Agony Shorthand

Tuesday, March 28, 2006

Having more or less summarily dismissed PUBLIC IMAGE LIMITED for many years – notwithstanding the time I saw them live in high school, nor the few songs of theirs I’ve always enjoyed – I’ve nonetheless tried to keep a generally open mind about this record, which I disliked intensely when I first heard it a couple years after it came out. Being a teenager at the time, it was likely a “hey – this sounds nothing like the Sex Pistols” thing, though I never really gave much more than two hoots about them either. Yet every now and again I’d hear a snippet of something like “Poptones” or “Careering” and wonder. Maybe all the hype added up to something. In 2006, I decided to find out for sure. Perhaps it was Simon Reynolds’ use of the band to bookend his “Rip It Up and Start Again” book – though I’m “dubious” of the supposition, let alone the pedestal he puts these guys on. He was positing that PIL’s explorations out of punk and into the great beyond represented the single most representative example of “post-punk” in all its forms. I always figured rock critics who said stuff like that were the ones who barely looked past the Sex Pistols when discussing punk, and whose mental image of punk was safety pins, gobbing and anarchy in the streets. But Reynolds, to his credit, got me to check it out again after 20+ years. Here goes.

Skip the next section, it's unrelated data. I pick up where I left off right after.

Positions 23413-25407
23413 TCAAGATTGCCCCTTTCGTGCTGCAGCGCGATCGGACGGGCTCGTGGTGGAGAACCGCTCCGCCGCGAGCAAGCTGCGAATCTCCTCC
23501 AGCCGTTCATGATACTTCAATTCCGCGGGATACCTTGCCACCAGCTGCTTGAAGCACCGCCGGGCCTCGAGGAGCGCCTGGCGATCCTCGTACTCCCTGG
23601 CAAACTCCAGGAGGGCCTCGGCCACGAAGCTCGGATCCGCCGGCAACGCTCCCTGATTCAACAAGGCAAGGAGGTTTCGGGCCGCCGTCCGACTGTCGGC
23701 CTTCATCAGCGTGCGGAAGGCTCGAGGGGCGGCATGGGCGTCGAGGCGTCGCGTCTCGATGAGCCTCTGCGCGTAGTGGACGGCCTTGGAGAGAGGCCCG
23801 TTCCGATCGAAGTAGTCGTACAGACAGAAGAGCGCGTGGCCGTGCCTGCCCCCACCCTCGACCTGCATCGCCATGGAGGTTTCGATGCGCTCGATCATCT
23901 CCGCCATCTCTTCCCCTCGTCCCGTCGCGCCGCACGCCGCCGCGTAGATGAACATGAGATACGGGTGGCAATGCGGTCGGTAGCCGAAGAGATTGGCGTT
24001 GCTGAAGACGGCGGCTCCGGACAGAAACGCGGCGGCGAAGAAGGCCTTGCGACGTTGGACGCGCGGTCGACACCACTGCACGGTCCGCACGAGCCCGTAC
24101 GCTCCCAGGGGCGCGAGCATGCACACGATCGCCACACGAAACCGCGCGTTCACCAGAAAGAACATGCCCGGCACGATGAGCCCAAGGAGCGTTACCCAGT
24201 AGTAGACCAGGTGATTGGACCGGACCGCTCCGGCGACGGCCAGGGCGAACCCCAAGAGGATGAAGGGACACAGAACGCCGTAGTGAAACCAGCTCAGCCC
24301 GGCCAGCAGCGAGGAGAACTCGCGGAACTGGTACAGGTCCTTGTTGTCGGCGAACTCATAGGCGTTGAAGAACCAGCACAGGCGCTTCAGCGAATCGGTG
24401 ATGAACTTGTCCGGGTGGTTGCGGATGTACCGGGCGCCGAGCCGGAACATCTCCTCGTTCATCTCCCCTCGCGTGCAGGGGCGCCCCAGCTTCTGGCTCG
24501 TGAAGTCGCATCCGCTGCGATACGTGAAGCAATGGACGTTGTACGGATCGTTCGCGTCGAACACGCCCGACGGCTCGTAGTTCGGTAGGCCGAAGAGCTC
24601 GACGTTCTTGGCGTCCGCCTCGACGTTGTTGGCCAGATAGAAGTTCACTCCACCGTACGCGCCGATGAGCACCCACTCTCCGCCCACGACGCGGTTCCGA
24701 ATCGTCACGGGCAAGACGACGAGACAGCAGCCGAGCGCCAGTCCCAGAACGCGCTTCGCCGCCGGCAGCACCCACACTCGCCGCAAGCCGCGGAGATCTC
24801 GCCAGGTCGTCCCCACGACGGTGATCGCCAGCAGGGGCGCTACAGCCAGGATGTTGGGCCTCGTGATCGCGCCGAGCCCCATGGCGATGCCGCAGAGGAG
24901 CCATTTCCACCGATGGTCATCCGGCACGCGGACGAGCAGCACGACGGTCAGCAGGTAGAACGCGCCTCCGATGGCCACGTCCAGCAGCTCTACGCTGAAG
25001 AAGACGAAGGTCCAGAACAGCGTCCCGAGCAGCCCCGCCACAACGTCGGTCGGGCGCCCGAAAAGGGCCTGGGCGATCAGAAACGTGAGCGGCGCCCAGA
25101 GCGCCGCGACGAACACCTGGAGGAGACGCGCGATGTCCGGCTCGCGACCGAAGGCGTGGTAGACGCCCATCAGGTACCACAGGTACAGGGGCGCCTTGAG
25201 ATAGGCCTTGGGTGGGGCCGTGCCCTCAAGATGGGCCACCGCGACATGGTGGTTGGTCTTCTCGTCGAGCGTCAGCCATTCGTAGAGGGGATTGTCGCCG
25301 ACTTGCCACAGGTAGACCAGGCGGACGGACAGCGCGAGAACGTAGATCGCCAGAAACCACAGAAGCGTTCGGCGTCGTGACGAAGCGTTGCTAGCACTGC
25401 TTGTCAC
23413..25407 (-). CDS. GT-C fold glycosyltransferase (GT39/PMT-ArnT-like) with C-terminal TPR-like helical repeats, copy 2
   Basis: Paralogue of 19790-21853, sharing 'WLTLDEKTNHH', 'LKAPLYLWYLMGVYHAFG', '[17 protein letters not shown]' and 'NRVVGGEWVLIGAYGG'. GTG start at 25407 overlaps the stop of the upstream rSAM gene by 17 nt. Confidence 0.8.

I think “Metal Box” is one of the best dance records of the 80s. To call it a “krautrock” or a “dub” record is beyond absurd – it’s dark, understated disco music, with a bleary heap of negativity slathered into every nook & cranny. In fact, when it’s not at its funkiest, it loses a bit of steam – though it’s hard to get weirdo ambient synth instrumental “Radio 4” out of my head now that I’ve been playing this on headphones repeatedly the past few weeks. My absolute favorites on here are “Memories” and “Swan Lake”, which have the same sort of dense, moody qualuude feel of some of the danceable early 80s New York groups (Liquid Liquid, ESG, Bush Tetras), with warbling, unsteady vocals on top. Because of the original wide-grooved 45rpm nature of this set (three 12” in one package), the only way to hear it is in the remastered form, where the static shards of guitar and whomping bass leap out in surroundsound. Of course you’ve got to put up with Lydon’s vocals as well, but one becomes immune after being pummeled with them for thirty years now. I guess Keith Levene and Jah Wobble earned their stripes on this one – lord knows how many times I’ve read of their genius without having any sort of inner soundtrack to validate such claims on my own. I suspect that now that I’ve officially joined their team, I’m only going to continue liking “Metal Box” more each spin.